Levy and O'Hara as Johnny and Moira, who are slowly unlearning their rich, pretentious ways and becoming loving parents in Season 5. PopTV

Explain her signature way of speaking. I find myself repeating everything she says in that voice.

I've met people whose accents have nothing to do with where they were born or raised—they want to reinvent themselves. Madonna did this for a while with the English accent. Everything about Moira comes from the potential she believes she has. I didn't do this intentionally, but it's almost like she wants to sound somewhere between Marilyn Monroe and Audrey Hepburn.

There isn't a lot of improvising, but Daniel sends the storylines and I help rewrite some dialogue. I've got dictionaries of obscure words that helped me with the arcane vocabulary. I want to have Moira learn a new word every day—to not only educate herself but to educate everyone in the town. Then, using the new vocabulary, which I wish I could retain, I love to stretch out the syllables. I don't think about it when I'm doing it, but some words want to live longer.

Let's talk about those fabulous outfits. How hard it is to do scenes in six-inch heels?

There have been a couple of times that the shoes did not feel good, but I would never complain because as soon as I put them on, I feel like Moira. You stand, walk, even sit differently—all of the wardrobe does that. I've never enjoyed wardrobe fittings more in my life! I just stand there like a model. Daniel and Debra Hansen, our costume designer, accessorize me. Once in a blue moon I'll say, "Hey, what about this?" Daniel smartly never lets up on how we looked before our lives in Schitt's Creek, so we never have to remind the audience that we used to be these people.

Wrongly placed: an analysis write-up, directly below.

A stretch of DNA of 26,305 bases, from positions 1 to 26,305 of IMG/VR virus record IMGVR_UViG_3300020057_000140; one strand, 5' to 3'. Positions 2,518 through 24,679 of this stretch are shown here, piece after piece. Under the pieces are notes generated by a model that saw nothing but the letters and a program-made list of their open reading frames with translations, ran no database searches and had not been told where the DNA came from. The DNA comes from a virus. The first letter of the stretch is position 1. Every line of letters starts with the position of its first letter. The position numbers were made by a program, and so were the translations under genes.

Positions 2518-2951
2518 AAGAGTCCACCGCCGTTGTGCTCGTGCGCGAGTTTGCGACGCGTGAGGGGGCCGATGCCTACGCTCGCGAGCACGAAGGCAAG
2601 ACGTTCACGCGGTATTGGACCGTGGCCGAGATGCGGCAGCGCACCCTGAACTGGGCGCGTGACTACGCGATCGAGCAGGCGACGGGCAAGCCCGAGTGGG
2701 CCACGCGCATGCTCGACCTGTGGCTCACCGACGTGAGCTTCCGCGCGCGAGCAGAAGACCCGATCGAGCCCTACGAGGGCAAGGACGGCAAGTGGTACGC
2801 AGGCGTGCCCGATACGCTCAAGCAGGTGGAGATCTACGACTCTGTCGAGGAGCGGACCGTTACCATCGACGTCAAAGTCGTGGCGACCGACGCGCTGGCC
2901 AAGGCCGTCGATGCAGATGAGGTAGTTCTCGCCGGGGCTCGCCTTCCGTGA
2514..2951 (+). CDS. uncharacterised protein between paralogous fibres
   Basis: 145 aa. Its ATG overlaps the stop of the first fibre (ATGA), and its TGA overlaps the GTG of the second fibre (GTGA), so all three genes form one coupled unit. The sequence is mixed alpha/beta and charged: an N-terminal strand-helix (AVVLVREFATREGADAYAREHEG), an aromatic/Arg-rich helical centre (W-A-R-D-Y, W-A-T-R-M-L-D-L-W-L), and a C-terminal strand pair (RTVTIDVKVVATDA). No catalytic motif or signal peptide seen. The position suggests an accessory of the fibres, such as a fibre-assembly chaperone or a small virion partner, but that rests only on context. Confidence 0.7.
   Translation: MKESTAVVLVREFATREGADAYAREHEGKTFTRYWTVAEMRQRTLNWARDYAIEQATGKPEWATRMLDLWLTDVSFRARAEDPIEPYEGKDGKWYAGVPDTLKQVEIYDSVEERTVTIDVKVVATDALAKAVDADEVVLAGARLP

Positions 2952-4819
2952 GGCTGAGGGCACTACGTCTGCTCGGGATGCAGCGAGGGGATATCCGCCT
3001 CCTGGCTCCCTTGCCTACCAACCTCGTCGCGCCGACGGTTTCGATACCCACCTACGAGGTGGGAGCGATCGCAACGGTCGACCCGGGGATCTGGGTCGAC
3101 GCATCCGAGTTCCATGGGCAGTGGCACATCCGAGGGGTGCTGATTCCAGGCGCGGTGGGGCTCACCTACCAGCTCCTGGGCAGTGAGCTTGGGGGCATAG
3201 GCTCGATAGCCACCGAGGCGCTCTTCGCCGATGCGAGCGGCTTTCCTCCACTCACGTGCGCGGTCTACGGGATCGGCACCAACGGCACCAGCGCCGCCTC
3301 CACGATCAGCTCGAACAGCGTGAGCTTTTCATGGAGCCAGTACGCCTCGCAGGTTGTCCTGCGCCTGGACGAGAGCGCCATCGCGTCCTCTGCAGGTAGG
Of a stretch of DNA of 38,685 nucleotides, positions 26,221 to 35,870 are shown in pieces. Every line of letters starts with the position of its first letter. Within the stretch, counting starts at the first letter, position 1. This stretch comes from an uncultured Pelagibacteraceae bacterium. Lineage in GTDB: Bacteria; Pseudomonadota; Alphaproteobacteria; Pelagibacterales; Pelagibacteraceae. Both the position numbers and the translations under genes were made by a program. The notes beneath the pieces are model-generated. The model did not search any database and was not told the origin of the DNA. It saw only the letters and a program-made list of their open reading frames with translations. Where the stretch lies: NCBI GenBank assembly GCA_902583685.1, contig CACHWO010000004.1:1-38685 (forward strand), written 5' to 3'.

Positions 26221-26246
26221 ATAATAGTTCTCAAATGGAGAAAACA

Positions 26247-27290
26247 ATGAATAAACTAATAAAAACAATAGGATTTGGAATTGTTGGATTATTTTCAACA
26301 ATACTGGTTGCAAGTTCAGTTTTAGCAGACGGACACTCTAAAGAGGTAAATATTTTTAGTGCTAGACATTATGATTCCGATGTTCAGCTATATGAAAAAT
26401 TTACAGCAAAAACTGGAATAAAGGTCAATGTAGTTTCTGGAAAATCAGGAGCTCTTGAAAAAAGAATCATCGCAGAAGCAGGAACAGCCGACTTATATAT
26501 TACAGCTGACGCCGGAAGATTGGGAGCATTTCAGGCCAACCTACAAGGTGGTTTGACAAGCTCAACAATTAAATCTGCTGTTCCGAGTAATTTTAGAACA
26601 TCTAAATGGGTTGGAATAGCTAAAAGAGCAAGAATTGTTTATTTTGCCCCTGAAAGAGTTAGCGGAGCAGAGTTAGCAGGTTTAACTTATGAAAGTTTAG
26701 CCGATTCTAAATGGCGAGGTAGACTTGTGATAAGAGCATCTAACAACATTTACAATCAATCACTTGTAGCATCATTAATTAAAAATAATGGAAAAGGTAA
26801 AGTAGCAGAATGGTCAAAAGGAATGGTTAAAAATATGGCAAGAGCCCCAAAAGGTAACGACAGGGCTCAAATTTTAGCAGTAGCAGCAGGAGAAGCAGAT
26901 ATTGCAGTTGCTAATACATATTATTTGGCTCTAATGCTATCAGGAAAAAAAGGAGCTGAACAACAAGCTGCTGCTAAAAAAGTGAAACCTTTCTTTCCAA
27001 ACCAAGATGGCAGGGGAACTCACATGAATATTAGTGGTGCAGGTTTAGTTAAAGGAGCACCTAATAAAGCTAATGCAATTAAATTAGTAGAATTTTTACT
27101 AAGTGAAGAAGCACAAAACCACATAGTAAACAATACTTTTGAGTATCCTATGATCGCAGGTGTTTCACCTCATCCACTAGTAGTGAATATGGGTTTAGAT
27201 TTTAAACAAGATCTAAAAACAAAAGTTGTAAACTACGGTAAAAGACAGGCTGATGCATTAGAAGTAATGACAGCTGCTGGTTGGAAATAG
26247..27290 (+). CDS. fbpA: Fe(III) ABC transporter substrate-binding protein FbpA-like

In the Season 5 premiere, Moira finally gets to shoot a scene for her big comeback film, The Crows Have Eyes.

That did make me laugh, the conviction with which Moira plays a crow—or a human transitioning into a crow. As Moira, I had to take that really seriously, even wearing a beak! I would never want to play that role, but Moira's an actress who puts every bit of faith into what she does. Being the pro she is, she worked on the script herself and convinced that director to care.